First Generation (C1: 1953–1962)
The first generation of Corvette was introduced late in the 1953 model year. Originally designed as a show car for the 1953 Motorama display at the New York Auto Show, it generated enough interest to induce GM to make a production version to sell to the public. First production was on June 30, 1953.This generation was often referred to as the "solid-axle" models (the independent rear suspension was not introduced until the second generation). Three hundred hand-built polo white Corvette convertibles were produced for the 1953 model year.
The 1954 model year vehicles could be ordered in Pennant Blue, Sportsman Red, Black, or Polo White; 3,640 were built. They didn't set any sales records and sold pretty slowly. The 1953 and 1954 model years were the only model years of the Corvette were the only ones that were sold with an engine that wasn't a V8. The engine used in these two model years was a 235 Cu. In. (3.9L) version of the second- generation Blue Flame inline-six generating 150 horsepower.
Second Generation (C2: 1963–1967)
The second generation (C2) Corvette, which introduced Sting Ray to the model, continued with fiberglass body panels, and overall, was smaller than the first generation. The C2 was later referred to as mid-years. The car was designed by Larry Shinoda with major inspiration from a previous concept design called the "Q Corvette," which was created by Peter Brock and Chuck Pohlmann under the styling direction of Bill Mitchell. Earlier, Mitchell had sponsored a car known as the "Mitchell Sting Ray" in 1959 because Chevrolet no longer participated in factory racing. This vehicle had the largest effect on the styling of this generation, although it had no top and did not give away what the final version of the C2 would look like. The third inspiration was a Mako Shark Mitchell had caught while deep-sea fishing.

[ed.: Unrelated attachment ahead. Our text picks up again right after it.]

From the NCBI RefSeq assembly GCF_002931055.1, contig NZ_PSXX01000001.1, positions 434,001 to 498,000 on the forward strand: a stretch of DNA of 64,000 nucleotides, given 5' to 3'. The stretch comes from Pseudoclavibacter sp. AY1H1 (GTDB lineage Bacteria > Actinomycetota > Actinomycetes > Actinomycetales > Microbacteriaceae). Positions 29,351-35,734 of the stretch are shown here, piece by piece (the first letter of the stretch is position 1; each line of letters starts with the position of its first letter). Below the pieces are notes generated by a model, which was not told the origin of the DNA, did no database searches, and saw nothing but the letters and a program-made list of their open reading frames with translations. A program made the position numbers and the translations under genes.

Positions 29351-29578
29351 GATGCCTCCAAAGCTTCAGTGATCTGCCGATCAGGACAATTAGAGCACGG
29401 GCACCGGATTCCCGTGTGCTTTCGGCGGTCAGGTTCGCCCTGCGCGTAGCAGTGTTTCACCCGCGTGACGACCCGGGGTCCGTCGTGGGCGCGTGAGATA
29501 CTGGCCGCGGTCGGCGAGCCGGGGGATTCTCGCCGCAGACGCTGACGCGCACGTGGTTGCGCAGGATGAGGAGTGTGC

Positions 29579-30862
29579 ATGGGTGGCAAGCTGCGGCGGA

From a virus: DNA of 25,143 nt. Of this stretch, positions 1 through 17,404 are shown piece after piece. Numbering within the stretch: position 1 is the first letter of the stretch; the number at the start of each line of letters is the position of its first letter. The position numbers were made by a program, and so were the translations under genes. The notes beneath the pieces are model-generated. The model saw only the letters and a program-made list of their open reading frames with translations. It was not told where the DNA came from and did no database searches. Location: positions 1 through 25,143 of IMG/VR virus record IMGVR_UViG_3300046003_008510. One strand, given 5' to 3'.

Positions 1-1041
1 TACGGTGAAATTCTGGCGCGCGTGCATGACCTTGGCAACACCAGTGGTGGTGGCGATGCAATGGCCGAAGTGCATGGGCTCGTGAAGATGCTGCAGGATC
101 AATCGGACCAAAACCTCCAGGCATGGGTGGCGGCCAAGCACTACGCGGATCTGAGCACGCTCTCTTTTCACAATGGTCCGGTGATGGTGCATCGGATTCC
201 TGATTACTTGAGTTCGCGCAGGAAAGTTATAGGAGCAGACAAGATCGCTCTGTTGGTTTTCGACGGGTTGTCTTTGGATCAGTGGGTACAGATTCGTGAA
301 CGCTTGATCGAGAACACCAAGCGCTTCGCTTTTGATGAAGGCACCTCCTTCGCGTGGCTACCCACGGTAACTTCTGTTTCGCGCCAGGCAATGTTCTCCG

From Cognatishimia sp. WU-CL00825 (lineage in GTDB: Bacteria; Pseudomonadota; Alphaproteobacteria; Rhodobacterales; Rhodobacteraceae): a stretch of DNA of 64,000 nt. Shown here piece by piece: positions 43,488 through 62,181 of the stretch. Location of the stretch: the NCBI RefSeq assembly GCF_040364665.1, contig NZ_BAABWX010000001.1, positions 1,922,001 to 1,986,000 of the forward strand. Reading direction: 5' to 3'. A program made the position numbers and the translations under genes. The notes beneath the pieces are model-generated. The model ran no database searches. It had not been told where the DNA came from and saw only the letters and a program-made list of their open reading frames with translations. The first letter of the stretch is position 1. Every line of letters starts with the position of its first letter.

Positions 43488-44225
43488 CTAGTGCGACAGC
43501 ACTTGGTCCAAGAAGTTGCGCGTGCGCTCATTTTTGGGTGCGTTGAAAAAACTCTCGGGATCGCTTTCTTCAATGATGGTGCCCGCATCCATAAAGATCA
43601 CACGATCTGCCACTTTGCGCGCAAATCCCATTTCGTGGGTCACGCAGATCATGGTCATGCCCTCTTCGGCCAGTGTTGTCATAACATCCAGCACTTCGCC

Third Generation (C3: 1968–1982)
The third generation Corvette, patterned after the Mako Shark II concept car, was introduced for the 1968 model year and was in production until 1982. C3 coupes featured the first use of T-top removable roof panels. It introduced monikers that were later revived, such as LT-1, ZR-1, Z07 and Collector Edition. In 1978, the Corvette's 25th anniversary was celebrated with a two-tone Silver Anniversary Edition and an Indy Pace Car replica edition of the C3. This was also the first time that a Corvette was used as a Pace Car for the Indianapolis 500.
Engines and chassis components were mostly carried over from the C2, but the body and interior were new. The 350 cu in (5.7 L) engine replaced the old 327 cu in (5.36 L) as the base engine in 1969, but power remained at 300 bhp (224 kW). 1969 was the only year for a C3 to optionally offer either a factory installed side exhaust or normal rear exit with chrome tips. The all-aluminum ZL1 engine was also new for 1969; the special big-block engine was listed at 430-hp (320 kW), but was reported to produce 560 hp (420 kW) and propelled a ZL1 through the 1/4 mile in 10.89 seconds.
Fourth Generation (C4: 1984–1996)